Geothermal tech could heat 15% of Dublin
Geothermal energy could provide up to 15 percent of Dublin's hot water and heating in the next five to seven years, according to an industry figure.
Padraig Hanley, a geothermal contractor, told the Geothermal Association’s of Ireland’s annual conference that tests in the Newcastle area showed 10,000 homes could benefit from heat from deep underground, the Irish Times reported.
Mr Hanley said that tests showed that extracting heat from 4,000 to 5,000 metres below ground could provide 15 percent of Dublin’s heat and hot water needs through a district heating system.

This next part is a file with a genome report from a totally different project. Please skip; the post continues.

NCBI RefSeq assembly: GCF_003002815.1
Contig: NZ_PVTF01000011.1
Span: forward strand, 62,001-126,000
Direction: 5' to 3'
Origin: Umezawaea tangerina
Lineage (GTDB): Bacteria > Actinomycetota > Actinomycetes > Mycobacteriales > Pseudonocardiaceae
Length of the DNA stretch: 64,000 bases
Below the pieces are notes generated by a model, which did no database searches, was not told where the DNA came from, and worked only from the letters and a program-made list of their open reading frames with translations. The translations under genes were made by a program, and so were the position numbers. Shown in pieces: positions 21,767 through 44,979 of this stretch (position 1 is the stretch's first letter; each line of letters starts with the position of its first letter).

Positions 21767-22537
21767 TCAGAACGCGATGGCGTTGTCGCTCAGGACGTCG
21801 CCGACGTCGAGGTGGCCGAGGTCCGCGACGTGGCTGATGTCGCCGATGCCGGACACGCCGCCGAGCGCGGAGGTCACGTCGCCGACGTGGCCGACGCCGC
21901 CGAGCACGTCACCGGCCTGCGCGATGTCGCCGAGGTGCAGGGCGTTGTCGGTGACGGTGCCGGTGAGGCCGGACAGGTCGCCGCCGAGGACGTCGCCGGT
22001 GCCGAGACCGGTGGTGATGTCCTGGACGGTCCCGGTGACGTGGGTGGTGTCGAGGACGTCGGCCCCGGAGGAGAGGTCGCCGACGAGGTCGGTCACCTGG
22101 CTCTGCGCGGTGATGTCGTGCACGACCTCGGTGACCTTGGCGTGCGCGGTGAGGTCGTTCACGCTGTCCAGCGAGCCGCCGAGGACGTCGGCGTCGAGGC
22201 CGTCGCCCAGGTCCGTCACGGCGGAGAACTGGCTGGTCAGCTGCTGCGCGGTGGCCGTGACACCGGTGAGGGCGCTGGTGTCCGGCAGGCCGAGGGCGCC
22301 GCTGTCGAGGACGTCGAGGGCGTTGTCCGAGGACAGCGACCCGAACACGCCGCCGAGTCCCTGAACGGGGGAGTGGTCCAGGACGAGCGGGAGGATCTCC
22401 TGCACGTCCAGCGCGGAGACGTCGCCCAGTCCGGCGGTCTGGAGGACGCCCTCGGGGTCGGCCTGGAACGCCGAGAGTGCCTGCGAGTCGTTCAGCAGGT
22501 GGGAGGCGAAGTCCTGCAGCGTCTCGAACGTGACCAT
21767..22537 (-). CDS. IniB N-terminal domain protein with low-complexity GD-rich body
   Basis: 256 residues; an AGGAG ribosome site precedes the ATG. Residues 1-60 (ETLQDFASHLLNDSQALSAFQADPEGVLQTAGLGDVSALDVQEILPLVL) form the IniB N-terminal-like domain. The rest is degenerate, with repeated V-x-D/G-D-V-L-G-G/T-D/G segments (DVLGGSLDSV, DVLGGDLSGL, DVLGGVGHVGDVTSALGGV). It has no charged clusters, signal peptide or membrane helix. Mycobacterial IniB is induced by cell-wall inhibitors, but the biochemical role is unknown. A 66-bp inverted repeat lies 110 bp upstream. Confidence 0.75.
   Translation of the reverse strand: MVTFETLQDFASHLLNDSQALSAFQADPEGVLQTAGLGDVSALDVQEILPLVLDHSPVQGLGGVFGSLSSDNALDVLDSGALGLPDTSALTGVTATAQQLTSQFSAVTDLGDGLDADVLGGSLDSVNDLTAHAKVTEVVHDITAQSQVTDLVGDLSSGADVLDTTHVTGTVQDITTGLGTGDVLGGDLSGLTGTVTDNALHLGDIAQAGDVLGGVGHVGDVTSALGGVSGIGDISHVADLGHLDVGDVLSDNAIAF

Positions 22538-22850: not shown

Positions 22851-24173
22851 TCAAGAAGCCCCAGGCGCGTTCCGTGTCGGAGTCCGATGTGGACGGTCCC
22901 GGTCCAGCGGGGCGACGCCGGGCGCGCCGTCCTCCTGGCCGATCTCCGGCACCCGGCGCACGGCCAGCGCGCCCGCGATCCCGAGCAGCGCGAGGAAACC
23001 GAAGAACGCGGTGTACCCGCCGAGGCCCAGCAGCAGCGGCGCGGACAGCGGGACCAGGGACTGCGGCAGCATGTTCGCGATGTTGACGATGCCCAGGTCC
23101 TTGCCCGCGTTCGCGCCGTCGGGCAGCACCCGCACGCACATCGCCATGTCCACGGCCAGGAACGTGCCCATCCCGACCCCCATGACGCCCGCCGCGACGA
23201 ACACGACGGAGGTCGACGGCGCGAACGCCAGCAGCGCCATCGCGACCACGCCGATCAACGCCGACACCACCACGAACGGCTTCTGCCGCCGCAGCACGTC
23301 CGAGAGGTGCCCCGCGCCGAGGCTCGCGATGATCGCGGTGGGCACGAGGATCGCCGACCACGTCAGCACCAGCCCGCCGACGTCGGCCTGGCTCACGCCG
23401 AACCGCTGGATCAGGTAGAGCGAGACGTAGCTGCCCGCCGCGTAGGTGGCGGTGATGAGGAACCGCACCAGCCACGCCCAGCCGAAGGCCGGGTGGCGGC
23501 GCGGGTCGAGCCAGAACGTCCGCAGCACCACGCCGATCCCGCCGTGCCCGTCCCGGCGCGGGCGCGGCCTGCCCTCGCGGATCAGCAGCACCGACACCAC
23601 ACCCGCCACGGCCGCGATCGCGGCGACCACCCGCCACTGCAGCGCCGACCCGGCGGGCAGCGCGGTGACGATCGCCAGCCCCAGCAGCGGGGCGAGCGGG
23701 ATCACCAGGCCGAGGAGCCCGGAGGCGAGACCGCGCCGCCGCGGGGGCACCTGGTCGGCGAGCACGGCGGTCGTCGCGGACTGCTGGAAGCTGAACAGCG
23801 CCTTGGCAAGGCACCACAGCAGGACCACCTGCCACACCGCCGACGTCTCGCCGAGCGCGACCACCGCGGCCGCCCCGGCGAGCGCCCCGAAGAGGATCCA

He called on Government to “to expedite the legislation that is urgently needed to enable us to proceed to the next stage and the development of a geothermal plant. The sooner the legislation is in place, the sooner we can begin to roll out this cheaper, constant renewable source of energy to consumers.”
Energy minister Eamon Ryan welcomed the test results and said the technology could help reduce the country’s reliance on fossil fuels.
Speaking at the Plan Expo in Dublin, Mr Ryan said the renewable sector could help Ireland out of the recession and reduce its use of fossil fuels.
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